Digital platforms surround us as nearly every industry shifts to smarter, more technology-oriented process solutions. It means that, in the future, computers and software will see even more incredible demand. We’ll need lots of programmers and software engineers to create and maintain these platforms.
That’s where the next generation of developers and programmers comes in, who are today’s young children. It’s time to start training and preparing them for the future. Coding doesn’t just teach them programming basics, but also introduces them to problem-solving, technical competence, creative processes, logic, math, and various other skills.
Even if a child doesn’t become a programmer, they’ve learned valuable skills and information they can use throughout their life.
The question is, how can we support these children and the next generation of developers? What can we do to help them if they’re interested in computers and development?
1. Get Them in Front of a Computer
If possible, sit them down in front of a computer or laptop and walk them through the programming process. Allow them to familiarize themselves with the machine if they aren’t already.
Don’t necessarily limit this by age. Instead, consider the child’s focus, maturity, and interest in technology. Some will not be interested, but others will be.
2. Encourage Hands-on Playtime
Thanks to STEM (science, technology, engineering, and mathematics) initiatives, there are many toys out there that can teach the fundamentals of coding. It’s important to get these into the hands of interested children. Through experiential learning and development, they are introduced to the basics.
The Fisher-Price Code-a-Pillar toy, for example, allows children to program the toy via detachable segments to move in various directions. There are many other toys like it, too, including Dash and Dot, Code ‘n’ Learn Kinderbot, Little Bits, or even the “Star Wars” Droid Inventor Kit.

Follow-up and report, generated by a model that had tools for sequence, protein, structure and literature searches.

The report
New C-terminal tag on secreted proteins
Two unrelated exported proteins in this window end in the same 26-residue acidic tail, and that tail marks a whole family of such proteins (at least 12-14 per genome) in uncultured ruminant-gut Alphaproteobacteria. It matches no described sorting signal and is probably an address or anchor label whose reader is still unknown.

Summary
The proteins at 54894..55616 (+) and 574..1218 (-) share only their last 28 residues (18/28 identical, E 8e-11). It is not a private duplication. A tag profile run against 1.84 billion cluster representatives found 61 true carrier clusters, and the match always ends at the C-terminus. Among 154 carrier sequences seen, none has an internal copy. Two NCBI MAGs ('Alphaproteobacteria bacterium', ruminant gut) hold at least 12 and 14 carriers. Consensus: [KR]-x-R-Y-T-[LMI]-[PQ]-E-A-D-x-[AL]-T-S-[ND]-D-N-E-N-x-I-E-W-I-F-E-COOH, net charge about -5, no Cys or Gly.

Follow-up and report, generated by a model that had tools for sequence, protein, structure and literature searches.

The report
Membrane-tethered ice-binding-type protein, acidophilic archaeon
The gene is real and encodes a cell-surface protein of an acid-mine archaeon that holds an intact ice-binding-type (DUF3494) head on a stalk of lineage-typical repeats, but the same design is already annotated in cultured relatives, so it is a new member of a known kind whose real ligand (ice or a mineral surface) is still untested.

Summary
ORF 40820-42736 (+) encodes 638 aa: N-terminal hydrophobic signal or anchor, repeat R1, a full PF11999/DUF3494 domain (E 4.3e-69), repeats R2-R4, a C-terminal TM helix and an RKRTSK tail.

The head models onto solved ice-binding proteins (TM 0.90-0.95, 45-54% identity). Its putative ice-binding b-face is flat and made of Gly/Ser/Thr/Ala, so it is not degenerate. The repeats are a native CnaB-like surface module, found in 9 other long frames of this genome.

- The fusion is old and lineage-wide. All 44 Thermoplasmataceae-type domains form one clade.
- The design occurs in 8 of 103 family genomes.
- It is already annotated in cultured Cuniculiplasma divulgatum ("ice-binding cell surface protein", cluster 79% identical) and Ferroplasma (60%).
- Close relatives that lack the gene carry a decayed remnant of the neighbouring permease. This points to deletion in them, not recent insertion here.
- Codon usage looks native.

3. There’s an App for That
Tablets and phones are incredibly popular among young audiences these days, and why shouldn’t they be? They’re a lot of fun and there’s a lot to do. What you might not know is that there are dozens, if not hundreds, of mobile apps that can teach kids how to code or at least introduce them to the fundamentals.
If or when they have screen time, it’s not a bad idea to let them play with these apps. Some examples include “Coding Safari for Kids” and “Kodable” on iOS, or “codeSpark” and “Box Island” on Android. These apps present the topics of coding in a fun and creative way that’s sure to keep young audiences riveted.
4. Play Some (Board) Games
Mobile apps, computer software, and toys aren’t the only ways to play around with coding and programming fundamentals. There are also plenty of board games out there. Think “Mouse Trap” with coding concepts.
Some examples include “Robot Turtles,” the “Code Master Programming Logic Game,” “Qwirkle,” “Prime Club,” and more. There are also toys like Code and Go’s Robot Mouse Activity Set or Primo’s Cubetto, which isn’t a conventional toy. Both are more like board games or group activities.
5. Encourage Interactive Learning
For teachers and parents who don’t know a lot about coding themselves, there are still tons of resources out there to help teach your children. Interactive learning programs and online courses, for example, can be completed before they even leave school, and some might even earn them certificates.